The COVID-19 Consumer Sentiment Research is based on a global survey that covers both developed and emerging markets.
Boston Consulting Group (BCG) recently unveiled the COVID-19 Consumer Sentiment Research, which is based on a global survey covering both developed and emerging markets. It will be fielded in waves to provide a longitudinal view of consumer sentiments about the Coronavirus pandemic, and about consumer consumption outlook.
BCG COVID-19 India Consumer Sentiment Survey is focused on Wave 3 in the country, which was fielded from April 30-May 3, 2020; covering 1,300 SEC A and B respondents in metros, Tier 1 & Tier 2 cities.
According to this survey, despite lockdown relaxations, concerns across health, economic situation and daily lifestyle continue at similar levels. The consumers are still pessimistic about future income, spends, and loan repayments. Over 50 per cent of the consumers continue to have a negative outlook on future income. Over 40 per cent think they will cut back on spends in the coming six months. Eighty-five per cent are worried about servicing loans post moratorium.
But it is important to take a de-averaged view – segmenting both consumers as well as categories. The concerns are much higher among younger consumers, SEC B households and small business owners. Even among categories, essentials, at-home entertainment, health and insurance continue to show greater resiliency, while travel, OOH entertainment, apparel, large ticket purchases have emerged as categories with significant reductions. As many as one-third of the consumers in many of these categories are also likely to trade down to cheaper brands, or cheaper variants in the same brands.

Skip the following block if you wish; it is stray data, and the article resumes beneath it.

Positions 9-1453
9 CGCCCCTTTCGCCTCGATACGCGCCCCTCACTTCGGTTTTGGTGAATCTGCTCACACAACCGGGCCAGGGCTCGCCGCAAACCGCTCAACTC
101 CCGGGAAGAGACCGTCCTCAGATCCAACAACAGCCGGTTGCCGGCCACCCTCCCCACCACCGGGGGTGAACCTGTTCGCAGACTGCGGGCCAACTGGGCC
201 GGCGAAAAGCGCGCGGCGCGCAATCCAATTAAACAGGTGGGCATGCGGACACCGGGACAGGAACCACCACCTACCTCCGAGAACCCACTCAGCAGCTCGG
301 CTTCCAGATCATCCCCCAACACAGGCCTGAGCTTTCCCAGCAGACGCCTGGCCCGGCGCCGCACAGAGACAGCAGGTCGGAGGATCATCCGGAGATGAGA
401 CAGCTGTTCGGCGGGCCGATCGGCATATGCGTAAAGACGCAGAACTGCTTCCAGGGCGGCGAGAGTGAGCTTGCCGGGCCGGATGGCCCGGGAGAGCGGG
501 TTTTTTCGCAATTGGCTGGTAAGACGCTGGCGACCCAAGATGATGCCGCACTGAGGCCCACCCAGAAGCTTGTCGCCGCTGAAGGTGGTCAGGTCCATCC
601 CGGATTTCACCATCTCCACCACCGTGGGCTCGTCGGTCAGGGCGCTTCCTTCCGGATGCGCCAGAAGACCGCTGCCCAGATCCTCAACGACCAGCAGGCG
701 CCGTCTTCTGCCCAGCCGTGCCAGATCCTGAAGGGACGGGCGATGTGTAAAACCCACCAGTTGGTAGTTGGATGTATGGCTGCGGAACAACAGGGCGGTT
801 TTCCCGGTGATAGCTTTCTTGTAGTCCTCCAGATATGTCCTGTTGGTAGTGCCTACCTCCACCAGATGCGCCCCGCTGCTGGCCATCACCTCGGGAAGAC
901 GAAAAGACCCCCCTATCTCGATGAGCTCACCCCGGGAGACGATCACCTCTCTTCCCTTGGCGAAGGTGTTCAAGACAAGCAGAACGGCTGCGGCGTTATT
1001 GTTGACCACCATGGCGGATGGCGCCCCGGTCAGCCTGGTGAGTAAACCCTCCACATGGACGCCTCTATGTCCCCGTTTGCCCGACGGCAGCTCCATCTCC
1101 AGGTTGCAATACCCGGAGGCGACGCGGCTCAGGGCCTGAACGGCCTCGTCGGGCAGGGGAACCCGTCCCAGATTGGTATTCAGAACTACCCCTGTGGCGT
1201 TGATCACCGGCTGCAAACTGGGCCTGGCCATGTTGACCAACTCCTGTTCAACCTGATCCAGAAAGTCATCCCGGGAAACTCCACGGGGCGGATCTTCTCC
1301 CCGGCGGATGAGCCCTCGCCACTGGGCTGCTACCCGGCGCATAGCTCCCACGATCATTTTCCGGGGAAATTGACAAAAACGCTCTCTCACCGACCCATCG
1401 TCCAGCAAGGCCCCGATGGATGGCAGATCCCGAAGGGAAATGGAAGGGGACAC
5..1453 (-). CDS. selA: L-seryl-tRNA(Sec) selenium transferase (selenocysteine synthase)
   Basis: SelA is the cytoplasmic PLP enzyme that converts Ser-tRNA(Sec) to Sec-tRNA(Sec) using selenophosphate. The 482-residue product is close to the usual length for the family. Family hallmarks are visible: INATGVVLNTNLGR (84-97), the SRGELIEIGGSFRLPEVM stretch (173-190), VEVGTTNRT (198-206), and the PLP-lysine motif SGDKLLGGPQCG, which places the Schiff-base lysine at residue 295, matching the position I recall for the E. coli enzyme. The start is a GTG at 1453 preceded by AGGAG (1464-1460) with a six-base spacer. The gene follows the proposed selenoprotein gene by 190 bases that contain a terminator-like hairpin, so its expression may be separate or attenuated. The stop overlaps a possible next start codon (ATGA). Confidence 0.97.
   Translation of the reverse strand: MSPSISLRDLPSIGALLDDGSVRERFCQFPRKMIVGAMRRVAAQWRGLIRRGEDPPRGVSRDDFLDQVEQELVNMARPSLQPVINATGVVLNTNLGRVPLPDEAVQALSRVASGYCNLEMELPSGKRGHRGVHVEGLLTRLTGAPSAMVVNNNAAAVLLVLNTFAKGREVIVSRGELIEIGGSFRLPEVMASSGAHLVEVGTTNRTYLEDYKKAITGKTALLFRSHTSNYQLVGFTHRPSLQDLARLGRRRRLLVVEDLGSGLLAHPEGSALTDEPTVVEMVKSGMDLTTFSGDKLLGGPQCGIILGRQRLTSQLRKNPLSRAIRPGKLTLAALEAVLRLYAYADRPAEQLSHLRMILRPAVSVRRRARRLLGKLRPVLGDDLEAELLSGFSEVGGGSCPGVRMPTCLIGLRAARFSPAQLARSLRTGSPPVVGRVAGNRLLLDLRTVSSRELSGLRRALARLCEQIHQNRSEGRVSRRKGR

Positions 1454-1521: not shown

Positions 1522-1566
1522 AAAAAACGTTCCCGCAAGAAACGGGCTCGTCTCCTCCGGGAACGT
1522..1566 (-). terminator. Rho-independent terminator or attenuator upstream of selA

The report says that the current situation has also triggered a significant push towards digital adoption. Many consumers are trying out digital in shopping/payments/media for the first time. There have been 20 per cent additional new users reading news online, 40 per cent new users shopping staples online, and 20 per cent new users using digital wallets.
It also suggests that, in general, the consumers don't think the removal of restrictions is a good signal of things being under control. Over 50 per cent of the consumers believe that availability of vaccine and containment of cases are the strongest indicators that the virus is under control, while only around 24 per cent associate that with the removal of restrictions. In terms of recovery, local retail and commute are likely the first ones to come back to normal. Sixty per cent of the consumers will take at least a few months to come back to normal (post things are under control) in case of restaurants/movies, while it's 80 per cent for flights and hotels.
Read the full report here.